Alexander Strens, 25, found the time to seek refuge under his reception desk—before the killer found him and shot him, once again in the head. Strens, hired at the museum’s communication department the previous year, was the only victim still alive after the shooting. Sent to the Saint-Pierre hospital of Brussels, he was declared brain dead there the next day. He died on June 6, raising the murder total to four. Although Strens’ mother is Jewish, his father is a Muslim Berber from Morocco and, in accordance with the wishes of both families, he was buried in the Muslim cemetery of Taza.
Then, with Strens—and with no more reason than it had when it started, the massacre ends. The surveillance video shows the shooter running away, bag in hand. He disappears.
Brussels is the capital of Europe. The day after the shooting, an election was held for a new European parliament. Xenophobic nationalist parties across the continent were predicted to win a lot of seats even before the killing, and as soon as the news broke the already perceptible tension among the continental political class was imbued with a new sense of frailty and paranoia: Was the scheduling of the massacre just a coincidence? Or was a message being sent—and by whom? Europe was under siege, no doubt, and humiliated, too.
The mayor and various members of the Belgium government showed up at the scene. King Philippe declared himself “outraged,” while the U.N. Security Council condemned “the terrorist attack” and its “probable anti-Semitic motivations,” and from Jerusalem, adding to the humiliation, Prime Minister Benjamin Netanyahu criticized the rise of anti-Jewish feeling on the continent. The president of the European Commission, José Manuel Barroso, and E.U. Foreign Secretary Catherine Ashton, denounced an “intolerable attack against the values of Europe,” while European Parliament President Martin Shulz, Italian Prime Minister Matteo Renzi, and French President François Hollande all made the trip to the museum three days after the killing to pay homage to the victims.
In the meantime, though, on Sunday May 25, the people of Europe spoke, sending to the E.U. Assembly some of their worst representatives, like those of the neo-Nazi party Golden Dawn, who had won some 26 percent of the Greek electorate, and Marine Le Pen’s National Front, who was now considered, with its 25 percent of the valid votes, the leading political party in France.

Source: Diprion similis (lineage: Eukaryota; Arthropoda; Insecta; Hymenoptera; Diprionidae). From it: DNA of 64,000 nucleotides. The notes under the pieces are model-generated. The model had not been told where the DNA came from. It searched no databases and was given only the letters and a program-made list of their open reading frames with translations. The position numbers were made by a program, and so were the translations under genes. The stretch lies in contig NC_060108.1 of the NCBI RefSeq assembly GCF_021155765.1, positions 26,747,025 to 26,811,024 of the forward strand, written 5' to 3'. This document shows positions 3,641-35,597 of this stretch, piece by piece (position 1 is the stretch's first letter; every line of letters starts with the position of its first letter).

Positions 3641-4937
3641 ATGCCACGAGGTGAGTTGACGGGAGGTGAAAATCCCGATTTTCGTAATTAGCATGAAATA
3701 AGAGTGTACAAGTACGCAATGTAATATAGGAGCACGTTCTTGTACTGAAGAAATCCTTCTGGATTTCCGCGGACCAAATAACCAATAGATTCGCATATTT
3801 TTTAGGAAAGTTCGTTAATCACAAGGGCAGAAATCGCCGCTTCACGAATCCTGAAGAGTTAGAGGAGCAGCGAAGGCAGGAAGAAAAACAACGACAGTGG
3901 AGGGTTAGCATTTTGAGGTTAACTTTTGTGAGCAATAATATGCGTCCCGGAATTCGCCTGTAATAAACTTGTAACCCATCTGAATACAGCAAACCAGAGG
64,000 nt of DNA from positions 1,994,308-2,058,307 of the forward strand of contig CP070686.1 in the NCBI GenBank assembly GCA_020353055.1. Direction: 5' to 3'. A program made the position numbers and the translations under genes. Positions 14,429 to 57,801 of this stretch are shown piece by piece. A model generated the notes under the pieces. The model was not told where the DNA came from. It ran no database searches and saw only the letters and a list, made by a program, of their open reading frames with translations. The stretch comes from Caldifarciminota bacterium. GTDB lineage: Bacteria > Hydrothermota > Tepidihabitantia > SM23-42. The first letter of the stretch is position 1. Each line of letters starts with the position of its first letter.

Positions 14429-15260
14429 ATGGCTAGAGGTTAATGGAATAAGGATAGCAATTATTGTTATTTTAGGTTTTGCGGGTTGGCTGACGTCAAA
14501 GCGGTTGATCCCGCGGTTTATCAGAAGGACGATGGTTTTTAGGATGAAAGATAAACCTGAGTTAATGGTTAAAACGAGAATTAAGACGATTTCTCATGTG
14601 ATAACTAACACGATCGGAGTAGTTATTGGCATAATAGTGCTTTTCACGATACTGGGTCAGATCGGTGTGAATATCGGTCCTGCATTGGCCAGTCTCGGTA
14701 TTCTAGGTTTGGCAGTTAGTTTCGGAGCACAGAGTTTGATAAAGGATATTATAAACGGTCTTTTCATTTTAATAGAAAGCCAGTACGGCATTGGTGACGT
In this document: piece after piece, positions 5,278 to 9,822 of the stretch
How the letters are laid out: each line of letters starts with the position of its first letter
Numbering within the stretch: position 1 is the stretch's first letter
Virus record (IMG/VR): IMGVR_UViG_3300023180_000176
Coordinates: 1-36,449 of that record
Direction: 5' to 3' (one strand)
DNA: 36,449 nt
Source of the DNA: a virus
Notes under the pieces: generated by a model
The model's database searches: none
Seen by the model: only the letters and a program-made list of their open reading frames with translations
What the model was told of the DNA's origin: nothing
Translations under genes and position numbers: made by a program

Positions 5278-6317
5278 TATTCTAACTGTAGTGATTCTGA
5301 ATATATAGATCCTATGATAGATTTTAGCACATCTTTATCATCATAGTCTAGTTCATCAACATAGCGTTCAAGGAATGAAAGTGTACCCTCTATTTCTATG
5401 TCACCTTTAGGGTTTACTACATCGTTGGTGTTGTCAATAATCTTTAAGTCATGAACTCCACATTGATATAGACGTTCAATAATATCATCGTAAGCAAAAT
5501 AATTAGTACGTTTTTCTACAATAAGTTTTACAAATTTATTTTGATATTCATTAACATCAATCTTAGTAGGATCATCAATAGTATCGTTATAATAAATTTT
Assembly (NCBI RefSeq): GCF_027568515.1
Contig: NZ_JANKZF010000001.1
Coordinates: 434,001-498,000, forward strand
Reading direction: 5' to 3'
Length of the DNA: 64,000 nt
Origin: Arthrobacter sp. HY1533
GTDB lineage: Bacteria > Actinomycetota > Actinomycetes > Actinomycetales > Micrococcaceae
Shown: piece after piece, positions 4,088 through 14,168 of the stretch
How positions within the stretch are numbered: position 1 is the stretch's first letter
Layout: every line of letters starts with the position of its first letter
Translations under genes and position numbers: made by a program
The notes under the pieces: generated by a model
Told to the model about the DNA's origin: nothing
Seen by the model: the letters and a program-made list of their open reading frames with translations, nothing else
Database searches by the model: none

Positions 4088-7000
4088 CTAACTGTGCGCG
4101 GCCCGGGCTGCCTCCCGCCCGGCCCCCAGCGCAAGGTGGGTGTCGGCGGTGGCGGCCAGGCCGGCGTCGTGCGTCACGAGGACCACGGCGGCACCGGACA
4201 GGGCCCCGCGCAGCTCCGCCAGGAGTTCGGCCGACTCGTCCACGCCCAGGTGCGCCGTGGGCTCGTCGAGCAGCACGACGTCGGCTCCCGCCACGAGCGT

So, who was responsible for this disaster—the destabilization, the humiliation, and the shame? The Belgian daily newspaper Le Soir, in its coverage of the shooting, may have hinted at a one generally held answer when it used the word “settlements” to describe the real estate held by the Jewish community in town, of which the museum was a part—as if Europe was no more natural or suitable a home for Jews than the West Bank. (Never mind that the theme of the museum exhibition at the time of the attack was the antiquity of the Jewish presence in Belgium dating back to early Christianity.)
That same idea seemed to animate the deranged response of the Belgian extreme-right deputy Laurent Louis, who, earlier in May, had organized with the French comedian Dieudonné an anti-Semitic rally in Brussels. When forced to issue a statement in order to exonerate himself from any connection to what had just happened, he implied that the massacre was nothing but a conspiracy carried on against him personally by his “enemies” (namely, the Jews) to discredit his action. And maybe not surprisingly in such a context, it fell to the esteemed Muslim intellectual Tariq Ramadan to openly express the view that the murders at the Jewish Museum were part of some larger Jewish conspiracy: “The two Israeli tourists targeted at the museum,” he tweeted on May 27—choosing the word “targeted” despite evidence that the victims had been chosen randomly—“worked for the Israeli services.” Ramadan’s sole ground for this statement, it seems, was that the Rivas were public accountants—that is, they worked for the state in which they lived. In Ramadan’s mind, anyone working for the State of Israel, apparently, was a spy and therefore a potential legitimate target for murder. The attack, he added, was “a diversion offensive to hide the true motives and the real perpetrators” of the deed: The Israelis, in other words, were sacrificing their agents in order to gain political propaganda points. Needless to say, Ramadan’s tweet made its way through the social networks, where it became a common meme and was integrated into news reports of the shooting as an interesting theory to explore.